What little hard data there is indicates that the performance of more natural fishways is variable but encouraging, Haro says. For instance, he and three coauthors found that 94 percent of the alewives attempting to pass one New England nature-like fishway made it through, but that only 40 percent managed to traverse another. The poor performer was one of the region’s earliest nature-like fishway projects, and low on the learning curve, Haro says. He believes well-designed projects should approach the 94 percent figure.
Research into the biomechanical and behavioral needs of particular species is helping refine fishway design. Haro runs a unique laboratory in Turners Falls, Massachusetts, with a 120-foot-long hydraulic flume — essentially a model river — where scientists can test how fish navigate various structures under different flow conditions. With NMFS funding, Haro’s team tested around 15 Northeastern diadromous fish species to identify such capabilities as their maximum jumping height and sprint-swimming speed and duration. That helped them determine critical fishway design criteria, such as water velocity and depth, and passageway dimensions. For instance, neither river herring nor shad can jump higher than a foot. And while river herring will dart through small gaps between rocks, shad require larger openings and are easily deterred by turbulence.
This fall, Turek and Haro plan to release design guidelines for nature-like fishways along the East Coast. Guidelines for a few other regions in the U.S. and Europe exist, but without such detailed supporting data on fish capabilities and behavior. “I feel pretty confident that we know what we’re doing now,” Turek says.
Laura Wildman, a Connecticut-based engineer with the environmental consulting firm Princeton Hydro, says she looks first to nature-like fishways when dams can’t come out. Nevertheless she bristles when people suggest a nature-like fishway as a fair compromise between removing a dam and tacking a technical fishway onto it. A chief drawback is that the river remains blocked. “They are not even close to the benefits of something like removing a dam,” Wildman said. “The barrier still exists. The problem still exists. The maintenance issues will exist. … They’re artificial structures.”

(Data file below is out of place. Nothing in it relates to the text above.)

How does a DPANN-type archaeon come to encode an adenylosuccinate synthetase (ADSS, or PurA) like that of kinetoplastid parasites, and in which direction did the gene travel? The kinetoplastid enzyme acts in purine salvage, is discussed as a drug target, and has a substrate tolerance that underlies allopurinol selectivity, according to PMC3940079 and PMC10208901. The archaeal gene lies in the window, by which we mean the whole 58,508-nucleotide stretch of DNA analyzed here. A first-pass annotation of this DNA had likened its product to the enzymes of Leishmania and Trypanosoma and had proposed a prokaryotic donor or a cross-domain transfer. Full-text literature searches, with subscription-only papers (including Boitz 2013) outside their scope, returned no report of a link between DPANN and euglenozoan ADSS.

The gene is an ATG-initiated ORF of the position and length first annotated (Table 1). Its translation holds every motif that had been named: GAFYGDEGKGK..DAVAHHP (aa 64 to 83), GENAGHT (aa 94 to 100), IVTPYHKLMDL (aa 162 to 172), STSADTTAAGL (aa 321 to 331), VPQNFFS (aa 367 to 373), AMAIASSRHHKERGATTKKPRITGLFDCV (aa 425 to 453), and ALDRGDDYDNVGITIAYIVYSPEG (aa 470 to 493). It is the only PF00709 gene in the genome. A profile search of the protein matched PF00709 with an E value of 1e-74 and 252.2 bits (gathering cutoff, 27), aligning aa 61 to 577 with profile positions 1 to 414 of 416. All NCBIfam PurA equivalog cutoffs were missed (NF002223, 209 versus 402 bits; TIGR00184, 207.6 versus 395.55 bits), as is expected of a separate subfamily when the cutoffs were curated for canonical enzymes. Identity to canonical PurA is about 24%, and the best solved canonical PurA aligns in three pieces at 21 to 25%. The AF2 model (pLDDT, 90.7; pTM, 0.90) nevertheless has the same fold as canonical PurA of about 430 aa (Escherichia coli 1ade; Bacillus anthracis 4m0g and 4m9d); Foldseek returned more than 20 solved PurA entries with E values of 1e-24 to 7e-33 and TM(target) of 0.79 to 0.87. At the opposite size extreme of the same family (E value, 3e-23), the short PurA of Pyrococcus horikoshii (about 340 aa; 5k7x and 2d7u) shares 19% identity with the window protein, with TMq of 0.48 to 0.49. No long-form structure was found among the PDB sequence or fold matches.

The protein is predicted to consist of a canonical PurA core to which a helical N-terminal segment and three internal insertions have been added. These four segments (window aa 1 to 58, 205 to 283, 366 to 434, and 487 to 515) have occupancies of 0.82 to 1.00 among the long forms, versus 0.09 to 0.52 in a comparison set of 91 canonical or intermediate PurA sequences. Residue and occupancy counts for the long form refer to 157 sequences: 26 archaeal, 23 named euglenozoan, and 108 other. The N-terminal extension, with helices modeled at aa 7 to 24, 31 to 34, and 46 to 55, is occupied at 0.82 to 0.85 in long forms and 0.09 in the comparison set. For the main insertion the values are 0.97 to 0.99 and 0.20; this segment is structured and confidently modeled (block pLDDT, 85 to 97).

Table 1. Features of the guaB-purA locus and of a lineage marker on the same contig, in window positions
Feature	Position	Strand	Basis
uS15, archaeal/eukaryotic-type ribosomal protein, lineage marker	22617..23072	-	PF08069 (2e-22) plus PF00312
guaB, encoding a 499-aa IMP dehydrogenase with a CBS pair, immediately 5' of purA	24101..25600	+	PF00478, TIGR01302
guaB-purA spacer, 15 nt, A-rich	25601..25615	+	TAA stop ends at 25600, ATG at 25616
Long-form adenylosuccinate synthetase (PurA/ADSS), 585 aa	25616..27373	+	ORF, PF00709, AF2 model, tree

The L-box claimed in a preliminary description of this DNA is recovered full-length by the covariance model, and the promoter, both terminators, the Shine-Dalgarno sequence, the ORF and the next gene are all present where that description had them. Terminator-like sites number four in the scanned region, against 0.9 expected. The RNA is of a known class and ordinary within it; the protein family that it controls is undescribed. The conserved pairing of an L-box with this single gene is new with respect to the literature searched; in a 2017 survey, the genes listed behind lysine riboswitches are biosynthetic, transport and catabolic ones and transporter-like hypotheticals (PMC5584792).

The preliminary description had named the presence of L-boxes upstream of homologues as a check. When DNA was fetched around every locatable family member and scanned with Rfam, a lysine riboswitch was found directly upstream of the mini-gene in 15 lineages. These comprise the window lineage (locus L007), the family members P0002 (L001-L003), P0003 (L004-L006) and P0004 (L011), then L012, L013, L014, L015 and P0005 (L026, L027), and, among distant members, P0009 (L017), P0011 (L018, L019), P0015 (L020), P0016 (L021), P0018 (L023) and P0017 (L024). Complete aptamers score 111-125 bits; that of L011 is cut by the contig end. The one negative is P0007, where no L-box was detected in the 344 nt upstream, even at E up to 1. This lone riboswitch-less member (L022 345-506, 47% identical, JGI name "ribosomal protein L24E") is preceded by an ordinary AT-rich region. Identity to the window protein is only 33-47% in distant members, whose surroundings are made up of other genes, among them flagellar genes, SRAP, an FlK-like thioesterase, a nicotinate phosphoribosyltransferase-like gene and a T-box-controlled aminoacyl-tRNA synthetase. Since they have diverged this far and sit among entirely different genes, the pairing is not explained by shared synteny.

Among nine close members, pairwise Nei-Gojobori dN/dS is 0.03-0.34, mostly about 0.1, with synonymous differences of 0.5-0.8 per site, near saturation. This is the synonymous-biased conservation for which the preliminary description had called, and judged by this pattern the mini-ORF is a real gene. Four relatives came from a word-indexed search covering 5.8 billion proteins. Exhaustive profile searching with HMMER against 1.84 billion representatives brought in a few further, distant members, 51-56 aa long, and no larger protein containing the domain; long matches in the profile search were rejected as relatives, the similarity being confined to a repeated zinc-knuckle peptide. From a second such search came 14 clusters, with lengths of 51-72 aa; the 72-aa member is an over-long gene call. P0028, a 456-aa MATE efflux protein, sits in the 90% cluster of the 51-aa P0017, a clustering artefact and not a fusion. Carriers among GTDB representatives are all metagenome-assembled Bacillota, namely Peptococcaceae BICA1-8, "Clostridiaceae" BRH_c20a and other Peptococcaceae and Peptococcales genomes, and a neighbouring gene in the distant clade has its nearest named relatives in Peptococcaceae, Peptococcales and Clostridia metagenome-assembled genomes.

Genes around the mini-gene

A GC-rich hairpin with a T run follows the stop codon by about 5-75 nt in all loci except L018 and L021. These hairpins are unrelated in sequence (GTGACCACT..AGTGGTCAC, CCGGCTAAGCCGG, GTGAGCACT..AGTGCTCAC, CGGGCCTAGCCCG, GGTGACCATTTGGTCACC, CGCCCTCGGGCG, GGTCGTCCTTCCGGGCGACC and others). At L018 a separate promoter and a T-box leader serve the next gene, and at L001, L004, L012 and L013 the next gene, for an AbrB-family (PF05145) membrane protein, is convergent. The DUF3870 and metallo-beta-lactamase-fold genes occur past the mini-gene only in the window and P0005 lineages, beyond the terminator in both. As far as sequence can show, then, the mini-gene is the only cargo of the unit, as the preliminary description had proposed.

Wildman says of nature-like fishways: “They’re still a temporary fix.”
Budgets for improving fish passage are tenuous. But to get serious about restoring migratory fish, Wildman says, government agencies and conservation groups must not only invest more in reconnecting disjointed rivers now, but also start planning decades ahead to decommission fish-blocking structures once the reasons for keeping them expire. With the dismantling of two dams on Washington state’s Elwha River, the world’s largest dam removal project is almost complete. Now, in one of the most extensive U.S. ecological restorations ever attempted, efforts are underway to revive one of the Pacific Northwest’s great salmon rivers.
Turek says it will be a few years before something can be done about the three dams downstream that prevent most fish from ever reaching those new passages; one option is their complete removal. Meanwhile, the state is stocking the river to jumpstart the run. If the plan succeeds, Turek says the Pawcatuck’s spring migration could reach 500,000 river herring and 5,000 American shad. Teeming once more, the fish will be a sight to behold. “People never seem to get tired of watching fish runs,” says Turek. “People are mesmerized. … There’s something therapeutic about it.”